10 CPR Tips to Boost Your Emergency Fund
If the car breaks down, the washer dies, or one of the kids chips a tooth after a close encounter with the pavement, where would you get the money to pay the bill?
Did anyone say, “My emergency fund?”
For most of us, unexpected events like these result in added stress and four-letter expletives that include: “Debt!” That’s why an emergency fund is so important. It can help you avoid debt and turn a potential crisis into a minor inconvenience. It can even improve your family relationships. (Think about it: Money – or lack of it – is often the cause of arguments.) But… seriously? After paying the bills and having a little well-deserved fun, who has money left to save for an “emergency?” Chances are pretty good that you do – if you know where to look.
Try these 10 tips. Use the money you save to breathe some life into your emergency fund.
1. Track it.
Start tracking your spending to the dollar, category by category. Then, go through your list line by line and cut out what you can. Example: Do you really need to buy every new app?
2. Dare to compare.
For necessary purchases like groceries and gas, comparison shop before you buy.
3. Make it automatic.
Ask your bank or credit union to automatically transfer funds from checking to savings every month. What you don’t see, you may never miss. Revisit the amount you’re saving after a few months. If you don’t miss $50 a month, would you miss $75?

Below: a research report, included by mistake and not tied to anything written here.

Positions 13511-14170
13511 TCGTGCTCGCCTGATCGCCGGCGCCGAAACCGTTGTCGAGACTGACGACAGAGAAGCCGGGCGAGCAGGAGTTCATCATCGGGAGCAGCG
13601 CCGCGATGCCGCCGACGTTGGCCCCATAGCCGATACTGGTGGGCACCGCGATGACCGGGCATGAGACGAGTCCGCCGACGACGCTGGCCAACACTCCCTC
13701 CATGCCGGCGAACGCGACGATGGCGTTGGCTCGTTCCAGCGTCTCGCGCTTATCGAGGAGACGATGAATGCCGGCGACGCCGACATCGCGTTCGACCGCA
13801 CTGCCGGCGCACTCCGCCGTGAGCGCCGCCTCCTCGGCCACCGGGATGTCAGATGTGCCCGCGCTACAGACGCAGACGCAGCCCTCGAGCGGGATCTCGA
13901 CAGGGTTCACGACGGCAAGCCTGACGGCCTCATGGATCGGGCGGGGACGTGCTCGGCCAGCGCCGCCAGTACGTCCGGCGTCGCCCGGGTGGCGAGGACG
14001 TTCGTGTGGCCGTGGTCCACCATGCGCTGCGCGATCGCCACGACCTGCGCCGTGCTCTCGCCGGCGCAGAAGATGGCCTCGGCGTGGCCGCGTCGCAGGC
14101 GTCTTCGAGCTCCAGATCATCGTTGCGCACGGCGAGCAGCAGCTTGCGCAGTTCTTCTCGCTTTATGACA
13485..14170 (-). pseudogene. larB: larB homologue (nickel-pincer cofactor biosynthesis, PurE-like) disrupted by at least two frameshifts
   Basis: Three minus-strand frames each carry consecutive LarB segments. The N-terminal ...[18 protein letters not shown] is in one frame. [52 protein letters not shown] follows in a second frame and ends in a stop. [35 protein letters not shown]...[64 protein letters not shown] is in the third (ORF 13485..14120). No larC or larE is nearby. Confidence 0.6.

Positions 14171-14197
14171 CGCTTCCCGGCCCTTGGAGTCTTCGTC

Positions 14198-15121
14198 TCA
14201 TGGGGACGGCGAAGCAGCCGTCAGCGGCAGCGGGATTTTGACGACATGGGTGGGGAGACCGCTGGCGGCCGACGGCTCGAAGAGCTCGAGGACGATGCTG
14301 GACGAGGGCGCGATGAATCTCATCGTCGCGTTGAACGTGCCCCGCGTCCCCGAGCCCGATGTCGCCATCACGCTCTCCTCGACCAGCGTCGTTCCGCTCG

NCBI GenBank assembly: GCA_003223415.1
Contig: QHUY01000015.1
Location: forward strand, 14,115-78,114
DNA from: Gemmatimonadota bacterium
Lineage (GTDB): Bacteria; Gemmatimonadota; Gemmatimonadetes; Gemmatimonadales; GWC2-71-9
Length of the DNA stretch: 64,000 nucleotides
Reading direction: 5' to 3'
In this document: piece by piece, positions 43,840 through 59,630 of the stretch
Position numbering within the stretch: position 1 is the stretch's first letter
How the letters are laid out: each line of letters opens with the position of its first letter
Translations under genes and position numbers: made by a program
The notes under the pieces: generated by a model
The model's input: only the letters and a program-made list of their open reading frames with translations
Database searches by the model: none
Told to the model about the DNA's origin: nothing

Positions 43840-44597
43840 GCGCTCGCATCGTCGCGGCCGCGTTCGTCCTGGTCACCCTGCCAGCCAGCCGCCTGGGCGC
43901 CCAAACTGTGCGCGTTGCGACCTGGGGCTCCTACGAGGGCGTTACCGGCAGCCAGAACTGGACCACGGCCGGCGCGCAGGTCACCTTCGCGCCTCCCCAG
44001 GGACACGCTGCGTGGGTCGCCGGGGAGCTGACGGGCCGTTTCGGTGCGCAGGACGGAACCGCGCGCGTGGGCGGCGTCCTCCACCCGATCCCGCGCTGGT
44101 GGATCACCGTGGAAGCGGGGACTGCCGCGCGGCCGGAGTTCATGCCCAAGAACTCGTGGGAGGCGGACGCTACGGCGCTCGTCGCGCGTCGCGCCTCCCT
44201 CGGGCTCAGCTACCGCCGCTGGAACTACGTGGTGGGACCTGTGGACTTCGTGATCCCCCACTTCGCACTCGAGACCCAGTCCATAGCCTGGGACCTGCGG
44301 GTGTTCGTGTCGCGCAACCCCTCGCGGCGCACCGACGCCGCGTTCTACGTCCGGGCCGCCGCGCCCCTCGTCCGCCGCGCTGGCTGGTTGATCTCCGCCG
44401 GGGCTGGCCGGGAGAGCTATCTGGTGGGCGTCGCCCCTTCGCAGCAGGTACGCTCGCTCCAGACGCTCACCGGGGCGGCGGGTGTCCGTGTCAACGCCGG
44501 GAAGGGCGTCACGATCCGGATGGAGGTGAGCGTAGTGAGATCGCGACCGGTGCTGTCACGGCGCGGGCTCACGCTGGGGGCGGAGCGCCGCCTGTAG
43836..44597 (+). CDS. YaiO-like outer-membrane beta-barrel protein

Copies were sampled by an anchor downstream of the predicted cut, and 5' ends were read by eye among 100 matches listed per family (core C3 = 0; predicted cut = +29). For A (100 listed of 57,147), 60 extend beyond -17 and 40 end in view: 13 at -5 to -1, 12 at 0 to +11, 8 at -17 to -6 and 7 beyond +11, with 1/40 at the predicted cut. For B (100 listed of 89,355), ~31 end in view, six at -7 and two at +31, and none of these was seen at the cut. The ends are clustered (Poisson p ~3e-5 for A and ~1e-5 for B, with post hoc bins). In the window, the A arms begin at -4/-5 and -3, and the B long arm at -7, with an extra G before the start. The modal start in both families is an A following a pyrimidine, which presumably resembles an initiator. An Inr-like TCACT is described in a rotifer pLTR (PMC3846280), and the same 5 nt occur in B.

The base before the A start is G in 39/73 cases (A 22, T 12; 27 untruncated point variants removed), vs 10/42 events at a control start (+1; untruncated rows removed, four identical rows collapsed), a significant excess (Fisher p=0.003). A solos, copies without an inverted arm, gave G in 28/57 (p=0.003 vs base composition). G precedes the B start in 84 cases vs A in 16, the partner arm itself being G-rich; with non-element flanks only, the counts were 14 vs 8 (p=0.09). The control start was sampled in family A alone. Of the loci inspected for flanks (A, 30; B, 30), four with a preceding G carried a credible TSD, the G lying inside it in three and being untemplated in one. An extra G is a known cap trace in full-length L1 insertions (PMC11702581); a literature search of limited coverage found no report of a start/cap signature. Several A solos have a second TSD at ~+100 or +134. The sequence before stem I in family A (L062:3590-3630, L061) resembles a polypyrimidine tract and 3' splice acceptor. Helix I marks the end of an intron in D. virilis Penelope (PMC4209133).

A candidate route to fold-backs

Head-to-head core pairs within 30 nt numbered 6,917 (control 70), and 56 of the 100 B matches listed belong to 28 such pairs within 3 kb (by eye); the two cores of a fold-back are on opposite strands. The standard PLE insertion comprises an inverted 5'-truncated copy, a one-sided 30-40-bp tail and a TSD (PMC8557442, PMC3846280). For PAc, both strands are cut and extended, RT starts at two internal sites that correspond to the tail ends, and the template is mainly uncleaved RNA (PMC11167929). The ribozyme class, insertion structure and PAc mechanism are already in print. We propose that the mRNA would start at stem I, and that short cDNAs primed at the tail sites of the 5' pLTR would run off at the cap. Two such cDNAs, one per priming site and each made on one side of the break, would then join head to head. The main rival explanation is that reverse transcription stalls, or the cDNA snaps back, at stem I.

4. Don’t shop – swap.
Swap your old books, CDs and DVDs for new ones – for free. Also check out sites like ThredUp to save on hand-me-downs you and your kids will actually like.
5. De-stress for less.
Instead of heading to the spa, try some basic yoga, stretching or meditation techniques at home. Do you really need that gym membership when you can run, hike, bike … outside?
6. Money in the bag.
Many stores offer rebates and incentives to customers who use environmentally friendly, reusable totes--and not to mention, it’s green!
Making coffee at home is cheaper than buying it from your favorite barista. Designate just a few days a week to treat yourself. Also, adopt a BYOM (Bring Your Own Mug) policy. It could score you a discount at your favorite coffee shop.
8. Free up some family time.
Save money on a sitter – and dining out. Take the kids with you, but choose a restaurant where kids eat free.
9. Meat in the middle.
Fruits, vegetables, soy and rice are generally cheaper than meat. Lower your grocery bills by eating healthier and reducing the amount of meat you eat.
10. Avoid the markups.
Before you order a big bucket of popcorn at the theater, consider the price you’ll pay. It could make you change your mind.
Written by Mary Thoele
This blog post is from the Author's perspective and doesn't speak for brightpeak financial. Contact brightpeak if you want to know more about brightpeak products, and keep in mind that they are not available in all states and there are some limitations (some exclusions and restrictions may apply).
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